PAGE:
Monthly Archives: January 2014


A lot of time and energy is spent trying to divide life into this or that. Rather than accept that things are shaded in gray and deal with the murkiness that idea involves, people instead try to make things easy on themselves and group things into a series of good and bad or right and wrong. Truthfully, the two things aren’t exclusive from each other–that’s the messiness of living–people will make mistakes, try to fix them, make more mistakes and let the worst aspects of themselves get the best of them. It may be easier to ignore these aspects of life to make things neater, but it isn’t the right call. A lot of art concerns itself with wrestling with the dichotomy of right and wrong and dealing with inner demons. With Ukigasa, or Floating Weeds, Yasujirō Ozu paints the picture of a man whose life is filled with regret and a womanizing past and present is in conflict with an attempt to do right by a son who doesn’t even know him.

The film follows a traveling theater troupe lead by the lead act and owner, Kumajuro. The troupe makes a stop in a small town by the inland sea where the performers go about publicizing their kabuki performances, while Kumajuro pays a visit to his former mistress, Oyoshi. He reconnects with his son, Kiyoshi, who’s grown up and is saving up money in order to attend University. Kiyoshi doesn’t know anything about Kumajuro and believes he is his uncle. When Kumajuro’s current mistress, the lead actress of the troupe Sumiko, learns of this, she becomes jealous and tries to cause problems amongst him and Oyoshi. After Kumajuro ends their relationship, she pays one of the young actresses money to seduce his son Kiyoshi. Ultimately, the two young people genuinely fall for each other, despite Kumajuro’s distrust of her after learning of Sumiko’s plans and when it’s time for him to reveal that he is indeed Kiyoshi’s real father, he finds that it’s much too late for him to decide that now is when he wants to be a real father.

Familial issues are always a strong subject in film, television or music. It strikes a chord with a lot of people even if the story isn’t specifically theirs. Kumajuro wants to do what’s right in the situation he’s given but part of the problem is, he wants to do what’s right ONLY because of this situation is giving. He’s a rolling stone, touring with his acting troupe, he’s womanized and continued to womanized, he comes and the he’s gone in the same breath. His son has grown up and become an adult without his help. The idea that now is the time he wants to be a family would come off to anyone as inauthentic and ridiculous, let alone to his own son. It’s not that you don’t feel any real feelings of love from Kumajuro, it’s that that idea of love isn’t enough. when the two o them go fishing and Kiyoshi talks of going to University, you get the sense that he’s figured out a good portion of what he wants for his life. He’s done this without Kumajuro and that fact isn’t lost on him. There’s no instruction guide on what you’re supposed to do in life on any given situation, and the sense you get is that Kumajuro is a man who’s dropped the ball without even fully realizing it. Good intentions aren’t enough but that doesn’t mean they don’t matter.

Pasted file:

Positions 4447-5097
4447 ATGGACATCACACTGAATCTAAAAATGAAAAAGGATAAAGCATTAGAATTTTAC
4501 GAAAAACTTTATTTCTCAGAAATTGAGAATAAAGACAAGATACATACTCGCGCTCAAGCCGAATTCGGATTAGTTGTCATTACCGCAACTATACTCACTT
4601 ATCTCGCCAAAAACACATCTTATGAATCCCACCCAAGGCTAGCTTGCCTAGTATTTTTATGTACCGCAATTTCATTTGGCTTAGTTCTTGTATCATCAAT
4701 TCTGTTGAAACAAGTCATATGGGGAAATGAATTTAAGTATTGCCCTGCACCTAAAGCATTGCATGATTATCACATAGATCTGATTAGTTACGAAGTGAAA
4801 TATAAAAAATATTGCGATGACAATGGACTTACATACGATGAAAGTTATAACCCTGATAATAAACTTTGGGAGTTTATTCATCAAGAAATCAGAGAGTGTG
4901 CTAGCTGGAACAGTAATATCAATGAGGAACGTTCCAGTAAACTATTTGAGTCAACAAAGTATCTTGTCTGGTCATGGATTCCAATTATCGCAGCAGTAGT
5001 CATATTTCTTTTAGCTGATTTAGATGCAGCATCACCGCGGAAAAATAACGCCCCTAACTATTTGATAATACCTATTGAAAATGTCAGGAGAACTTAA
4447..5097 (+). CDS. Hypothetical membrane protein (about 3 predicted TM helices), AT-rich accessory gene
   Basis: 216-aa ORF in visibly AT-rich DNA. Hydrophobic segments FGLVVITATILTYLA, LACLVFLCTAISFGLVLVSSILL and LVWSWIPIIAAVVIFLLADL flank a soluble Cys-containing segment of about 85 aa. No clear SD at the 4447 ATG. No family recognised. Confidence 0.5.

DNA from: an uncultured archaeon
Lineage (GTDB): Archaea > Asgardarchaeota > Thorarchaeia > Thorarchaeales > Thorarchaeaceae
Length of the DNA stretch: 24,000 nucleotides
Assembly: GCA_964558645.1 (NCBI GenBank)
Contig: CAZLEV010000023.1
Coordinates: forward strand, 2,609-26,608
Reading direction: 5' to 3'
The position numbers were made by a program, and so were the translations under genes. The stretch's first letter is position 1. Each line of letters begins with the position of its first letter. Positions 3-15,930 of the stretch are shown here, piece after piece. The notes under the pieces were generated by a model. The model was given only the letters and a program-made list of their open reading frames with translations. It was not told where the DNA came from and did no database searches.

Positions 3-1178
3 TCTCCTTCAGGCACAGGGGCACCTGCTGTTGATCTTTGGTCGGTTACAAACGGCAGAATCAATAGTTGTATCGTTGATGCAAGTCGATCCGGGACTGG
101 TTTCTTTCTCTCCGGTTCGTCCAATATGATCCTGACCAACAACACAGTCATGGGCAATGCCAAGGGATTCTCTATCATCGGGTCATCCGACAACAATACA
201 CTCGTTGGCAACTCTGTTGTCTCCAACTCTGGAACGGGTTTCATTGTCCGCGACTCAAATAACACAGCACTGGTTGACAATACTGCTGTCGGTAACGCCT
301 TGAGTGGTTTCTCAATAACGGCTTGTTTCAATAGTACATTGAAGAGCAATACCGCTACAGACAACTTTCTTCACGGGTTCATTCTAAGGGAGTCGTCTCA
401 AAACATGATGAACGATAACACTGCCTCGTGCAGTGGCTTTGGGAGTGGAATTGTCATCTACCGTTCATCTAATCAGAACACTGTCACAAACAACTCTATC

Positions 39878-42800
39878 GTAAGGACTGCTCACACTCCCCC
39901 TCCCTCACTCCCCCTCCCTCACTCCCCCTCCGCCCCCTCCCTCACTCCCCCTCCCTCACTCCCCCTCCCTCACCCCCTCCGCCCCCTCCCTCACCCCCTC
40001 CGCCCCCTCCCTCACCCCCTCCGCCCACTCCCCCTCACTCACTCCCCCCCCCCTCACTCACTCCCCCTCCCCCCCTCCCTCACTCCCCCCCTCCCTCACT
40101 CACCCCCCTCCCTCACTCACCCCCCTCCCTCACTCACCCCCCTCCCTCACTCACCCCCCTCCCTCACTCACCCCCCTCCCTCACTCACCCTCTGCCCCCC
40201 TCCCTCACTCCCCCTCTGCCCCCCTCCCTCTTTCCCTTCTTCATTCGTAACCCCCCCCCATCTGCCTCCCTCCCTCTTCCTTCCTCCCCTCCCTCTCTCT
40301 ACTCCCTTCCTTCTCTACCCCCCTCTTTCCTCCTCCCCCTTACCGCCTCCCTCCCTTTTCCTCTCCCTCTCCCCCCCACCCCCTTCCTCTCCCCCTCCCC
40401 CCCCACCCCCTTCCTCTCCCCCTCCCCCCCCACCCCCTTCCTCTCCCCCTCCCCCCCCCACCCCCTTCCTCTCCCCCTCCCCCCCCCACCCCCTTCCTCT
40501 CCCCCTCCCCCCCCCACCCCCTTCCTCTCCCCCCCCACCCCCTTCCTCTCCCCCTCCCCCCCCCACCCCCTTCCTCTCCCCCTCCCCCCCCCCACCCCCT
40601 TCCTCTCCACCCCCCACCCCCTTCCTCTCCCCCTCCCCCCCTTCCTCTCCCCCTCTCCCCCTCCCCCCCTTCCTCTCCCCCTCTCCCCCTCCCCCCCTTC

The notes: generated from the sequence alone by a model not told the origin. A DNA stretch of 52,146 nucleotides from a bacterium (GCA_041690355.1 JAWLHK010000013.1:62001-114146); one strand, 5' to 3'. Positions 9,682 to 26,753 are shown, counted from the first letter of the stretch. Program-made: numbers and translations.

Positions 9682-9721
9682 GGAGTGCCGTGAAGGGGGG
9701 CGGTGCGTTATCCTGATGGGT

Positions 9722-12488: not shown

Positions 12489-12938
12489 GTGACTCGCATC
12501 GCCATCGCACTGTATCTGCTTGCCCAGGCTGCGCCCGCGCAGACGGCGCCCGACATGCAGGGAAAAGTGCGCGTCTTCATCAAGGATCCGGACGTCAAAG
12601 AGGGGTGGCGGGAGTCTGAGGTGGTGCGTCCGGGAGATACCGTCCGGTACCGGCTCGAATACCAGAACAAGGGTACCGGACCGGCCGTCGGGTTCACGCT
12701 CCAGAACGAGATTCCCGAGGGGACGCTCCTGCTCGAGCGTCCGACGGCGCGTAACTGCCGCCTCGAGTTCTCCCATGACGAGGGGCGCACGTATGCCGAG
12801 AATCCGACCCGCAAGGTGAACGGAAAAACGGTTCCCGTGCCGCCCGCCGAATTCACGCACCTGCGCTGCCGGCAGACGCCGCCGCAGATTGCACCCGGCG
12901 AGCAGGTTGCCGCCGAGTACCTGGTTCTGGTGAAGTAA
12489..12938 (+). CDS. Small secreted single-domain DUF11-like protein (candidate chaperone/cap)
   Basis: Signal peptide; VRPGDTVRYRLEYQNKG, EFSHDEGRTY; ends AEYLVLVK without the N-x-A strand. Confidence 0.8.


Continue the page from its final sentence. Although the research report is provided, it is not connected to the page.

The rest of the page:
It’s good intentions that eventually caused Kayo to do the right thing before it was too late. Kayo was the young actress paid to seduce Kiyoshi but instead found herself falling for him. She knew that she was wrong and didn’t want to hurt him so she confessed to it. Kiyoshi and Kayo’s fling was endearing and delicate; the spirit of young love and infatuation, the sense of adventure when you first meet someone and get to know them and the adrenaline rush of getting so caught in those feelings that you’d be willing to abandon your life and plans just to pursue them. Kayo warns Kiyoshi that she’s trouble and he has his whole life ahead of him but, as anyone who’s been 17 will tell you, those kinds of statements fall on death ears. What started as a mistake my by her becomes an opportunity for the both of them to find happiness and not just try and construct it like Kumojuro tries to.

Part of the beauty of this film is that it’s not here to judge or be cynical about its characters. It sits back and watches them wrestle with their insecurities, their problems, their choices and their beliefs. Kumajuro is a volatile, pathetic old man and yet by the end of the movie you feel for him. Sumiko lets her jealousy envelop her and make her foolish, but you can see that she cares for this old man dearly and has been there to pick him up when he needs it. You can even watch Kiyoshi let his youthfulness get the better of him at times, making him think with his heart instead of his head, but you know how that feels because you’ve been there too. The beauty of the film and the way it’s shot with care is similar to the characters’ portrayal. They’re beautiful and approached with care. There is sadness to the story with moments of sweetness strewn about. Weeds are still flowers and even in the ugliness there’s beauty to be found.





I’m still sorting out my complete feelings for the movie but hopefully I can find something eloquent to say about this film. Needless to say,  Yasujirō Ozu’s story of mistakes, regret, jealousy and love is visually poetic and lovely to watch unfold.